Follow TV Tropes


Portal Crossroad World

Go To

"It's the crossroads of all dimensions, like Grand Central Station for space and time."
Michael, The Good Place

A world that contains access to many others, most of which are themselves unaware of the existence of portals/other worlds.

Where the Portal Crossroad World is populated and has widespread portal travel, expect the culture to be a strange mishmash of elements from other worlds.

Compare Portal Network, more often found in sci-fi where many worlds are equally interlinked by a portal transport system; contrast Void Between the Worlds, the space through which the portals pass. Also compare Inn Between the Worlds, the single-room/building version which is itself outside reality. See also Extra-Dimensional Shortcut.

This is a common form of the video game mechanic, Hub Level.



    open/close all folders 

    Comic Books 
  • In The Incredible Hulk Issue #300, Doctor Strange sends a mindless rampaging Hulk to the "Crossroads," where all the worlds join, allowing him to choose the world he wants to live in. In case he enters a world and isn't happy there, Strange places a subconscious trigger in the Hulk's head to send him back to the Crossroads again.
  • Nightcrawler teleports by travelling through a parallel dimension. The black smoke he leaves behind while teleporting is that dimension's atmosphere.

    Fan Works 

    Film - Animation 
  • Treasure Planet itself is a planet-sized portal generator created long ago that was discovered by pirate Captain Nathaniel Flint. Flint used the portals to surprise merchant ships and plunder them ruthlessly, then store the captured booty on the centroid of the portal mechanism. This was how Treasure Planet got its name.
  • In The Nightmare Before Christmas, a grove of trees with holiday-themed doors provides passage between Halloween Town and Christmas Town.

    Film - Live Action 
  • Contact has Hyperspace Lanes from many worlds all leading to the one place where the aliens bring new sentient species to introduce themselves.
  • Sakaar from Thor: Ragnarok is a planet surrounded by thousands of portals from across the universe, many of which appear and disappear at random. Blind FTL jumps and other errors during teleportation can lead to you being dumped there. You can use the portals to leave, but that's easier said than done when the planet's ruled by an immortal, questionably sane tyrant who really doesn't want anybody to do so.
  • The Rock of Eternity in Shazam has a room full of Portal Doors that each lead to a different world.

  • The city of Scalentine in the Babylon Steel novels sits at a planar convergence and has portals to several other worlds. As a byproduct of the meeting worlds, most magics are nerfed while you're in town.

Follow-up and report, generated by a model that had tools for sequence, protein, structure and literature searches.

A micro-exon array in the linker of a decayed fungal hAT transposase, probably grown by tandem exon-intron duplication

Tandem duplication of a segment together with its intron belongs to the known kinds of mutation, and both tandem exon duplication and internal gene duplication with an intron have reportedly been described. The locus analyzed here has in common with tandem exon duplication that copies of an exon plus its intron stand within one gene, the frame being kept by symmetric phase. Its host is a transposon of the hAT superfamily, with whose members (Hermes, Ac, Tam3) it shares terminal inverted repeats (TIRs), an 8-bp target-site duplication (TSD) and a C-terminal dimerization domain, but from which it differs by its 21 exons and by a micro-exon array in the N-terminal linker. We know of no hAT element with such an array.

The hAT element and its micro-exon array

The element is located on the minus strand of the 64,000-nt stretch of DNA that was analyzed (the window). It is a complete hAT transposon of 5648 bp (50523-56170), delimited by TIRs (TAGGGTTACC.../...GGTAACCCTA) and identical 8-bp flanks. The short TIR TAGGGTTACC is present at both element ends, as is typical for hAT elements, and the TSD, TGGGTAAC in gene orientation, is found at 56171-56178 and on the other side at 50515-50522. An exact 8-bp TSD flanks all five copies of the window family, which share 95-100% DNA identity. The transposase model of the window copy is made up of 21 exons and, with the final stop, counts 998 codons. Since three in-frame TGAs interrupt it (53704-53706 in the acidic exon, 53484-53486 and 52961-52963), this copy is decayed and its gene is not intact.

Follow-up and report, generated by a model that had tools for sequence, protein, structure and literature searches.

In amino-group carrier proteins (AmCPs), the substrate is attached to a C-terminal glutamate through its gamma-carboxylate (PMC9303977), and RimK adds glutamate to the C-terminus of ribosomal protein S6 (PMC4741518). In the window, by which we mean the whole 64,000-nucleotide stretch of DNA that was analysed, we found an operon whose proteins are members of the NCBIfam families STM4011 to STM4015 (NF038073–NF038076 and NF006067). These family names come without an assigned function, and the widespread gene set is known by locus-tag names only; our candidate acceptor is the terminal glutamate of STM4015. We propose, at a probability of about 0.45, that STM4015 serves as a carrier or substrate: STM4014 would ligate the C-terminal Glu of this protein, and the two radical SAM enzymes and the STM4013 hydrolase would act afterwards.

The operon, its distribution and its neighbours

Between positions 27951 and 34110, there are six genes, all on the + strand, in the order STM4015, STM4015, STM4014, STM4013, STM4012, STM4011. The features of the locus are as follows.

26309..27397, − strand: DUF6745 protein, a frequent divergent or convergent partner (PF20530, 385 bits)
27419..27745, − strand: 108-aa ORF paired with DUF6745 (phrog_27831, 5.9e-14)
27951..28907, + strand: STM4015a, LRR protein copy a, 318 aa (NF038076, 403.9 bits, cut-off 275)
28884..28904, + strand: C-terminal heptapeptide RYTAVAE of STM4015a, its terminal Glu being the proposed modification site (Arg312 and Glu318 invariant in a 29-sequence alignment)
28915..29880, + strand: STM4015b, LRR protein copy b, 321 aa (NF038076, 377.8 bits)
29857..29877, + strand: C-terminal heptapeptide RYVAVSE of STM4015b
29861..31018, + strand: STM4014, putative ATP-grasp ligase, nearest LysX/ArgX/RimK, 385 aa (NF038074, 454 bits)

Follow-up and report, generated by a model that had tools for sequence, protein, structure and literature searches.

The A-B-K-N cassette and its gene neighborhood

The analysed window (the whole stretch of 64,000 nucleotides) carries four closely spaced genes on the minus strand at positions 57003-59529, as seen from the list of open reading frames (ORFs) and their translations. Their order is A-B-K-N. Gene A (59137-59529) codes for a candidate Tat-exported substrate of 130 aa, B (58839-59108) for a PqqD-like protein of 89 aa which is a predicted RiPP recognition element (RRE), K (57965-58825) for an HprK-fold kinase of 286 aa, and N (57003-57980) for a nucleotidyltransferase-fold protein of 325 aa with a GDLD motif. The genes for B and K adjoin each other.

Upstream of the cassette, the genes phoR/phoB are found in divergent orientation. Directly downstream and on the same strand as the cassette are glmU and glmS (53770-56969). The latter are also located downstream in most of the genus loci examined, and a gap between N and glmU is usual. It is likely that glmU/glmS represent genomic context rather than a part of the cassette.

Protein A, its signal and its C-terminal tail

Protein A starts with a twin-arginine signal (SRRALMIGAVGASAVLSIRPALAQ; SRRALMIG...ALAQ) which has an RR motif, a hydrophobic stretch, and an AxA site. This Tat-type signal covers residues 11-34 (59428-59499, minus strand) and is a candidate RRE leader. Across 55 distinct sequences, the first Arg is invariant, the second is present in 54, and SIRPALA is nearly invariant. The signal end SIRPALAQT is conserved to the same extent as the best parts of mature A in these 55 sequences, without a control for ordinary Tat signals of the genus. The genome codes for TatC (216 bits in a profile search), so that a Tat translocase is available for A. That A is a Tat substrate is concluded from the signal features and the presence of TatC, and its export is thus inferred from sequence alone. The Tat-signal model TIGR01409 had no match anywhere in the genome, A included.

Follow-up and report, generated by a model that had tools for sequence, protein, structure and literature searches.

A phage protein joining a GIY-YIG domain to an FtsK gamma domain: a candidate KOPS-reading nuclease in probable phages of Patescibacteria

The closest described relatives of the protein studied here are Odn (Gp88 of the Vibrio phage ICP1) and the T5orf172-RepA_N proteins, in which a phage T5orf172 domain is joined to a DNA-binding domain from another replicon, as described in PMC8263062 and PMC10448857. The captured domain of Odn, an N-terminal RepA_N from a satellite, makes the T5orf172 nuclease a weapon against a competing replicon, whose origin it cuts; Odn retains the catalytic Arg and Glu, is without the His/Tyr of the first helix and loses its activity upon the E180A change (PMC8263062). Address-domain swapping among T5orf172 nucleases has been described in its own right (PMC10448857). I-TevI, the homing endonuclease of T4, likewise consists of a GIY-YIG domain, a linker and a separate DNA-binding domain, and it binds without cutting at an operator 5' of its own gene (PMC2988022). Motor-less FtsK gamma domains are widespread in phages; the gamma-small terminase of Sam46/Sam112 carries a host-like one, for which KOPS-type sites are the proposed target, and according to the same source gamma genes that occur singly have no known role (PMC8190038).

• The Chronicles of Narnia: The Magician's Nephew has a universe/dimension referred to only as "The Wood Between the Worlds". It's a forest that stretches as far as the eye can see, dotted with pools of ankle-deep water. With the proper magic (such as the rings created by Digory's uncle) these pools become a portals to other universes, like our Earth or the land of Narnia. To prevent malicious exploitation, the realm induces sleep in anyone that stays too long.
  • In Jim Butcher's Codex Alera, Word of God says that Carna is Another Dimension that has wormholes pop up in other dimensions and suck beings in.
  • Crossroad of Nick O'Donohoe's Crossroads trilogy (The Magic and the Healing, Under the Healing Sign, and The Healing of Crossroads). Some inhabitants there can go to and from there at will, but most end up there by mistake. It's very much a refuge of mythological species.
  • The Arena in Grand Central Arena, where every spaceship with a drive for Faster-Than-Light Travel ends up.
  • Hell's Gate: The titular world, a parallel Earth, contains the largest portal cluster known to the two civilizations exploring the portals, who first encounter each other there.
  • His Dark Materials: Cittàgazze's world in The Subtle Knife has many portals thanks to the titular object.
  • The Manticore system in the Honor Harrington series sits near a Negative Space Wedgie dubbed the Manticore Wormhole Junction, a cluster of six (later seven) wormholes connecting points hundreds of light-years apart. The Star Kingdom of Manticore's ownership of the junction has made them incredibly wealthy and also grants massive strategic advantages to their military, since they can get their forces around the galaxy much faster.
  • In KJ Taylor's first book, The Land Of Bad Fantasy, the protagonist comes from one of these, called Y'hyerd B'zeck. There, interdimensional travel is so common that there are various Advice for Dummies books about it, aspects are taught in school, and there is no semblance of whatever their original culture was.
  • The Neitherlands in The Magicians are an intentional variation on "The Wood Between the Worlds" of the Narnia series.
  • From Stephen Donaldson's Mordant's Need series, Mordant is this through the use of Imaging and the mirrors. Curved mirrors act as windows to other worlds, according to their shape and exact composition. An Imager is then able to summon what he sees through the mirror and into Mordant.
  • The Nightside from Simon R. Green's novel series is a hidden urban center full of Timeslips to distant eras or alternate histories, passageways to alien realities and planes of existence, and Bigger on the Inside pocket dimensions. Characters such as the Doormouse or the proprietors of the Mammon Emporium have actually commercialized this trope, using portals for architecture, transportation, and importation of exotic goods.
  • The Quentaris Chronicles: Quentaris, with its rift caves (acts mostly as a one-city-world) is a variation. While many worlds trade through the rifts, many also do not know of their existence. Quentaris also has a greater concentration of rifts than any of the other worlds, which have few or no others.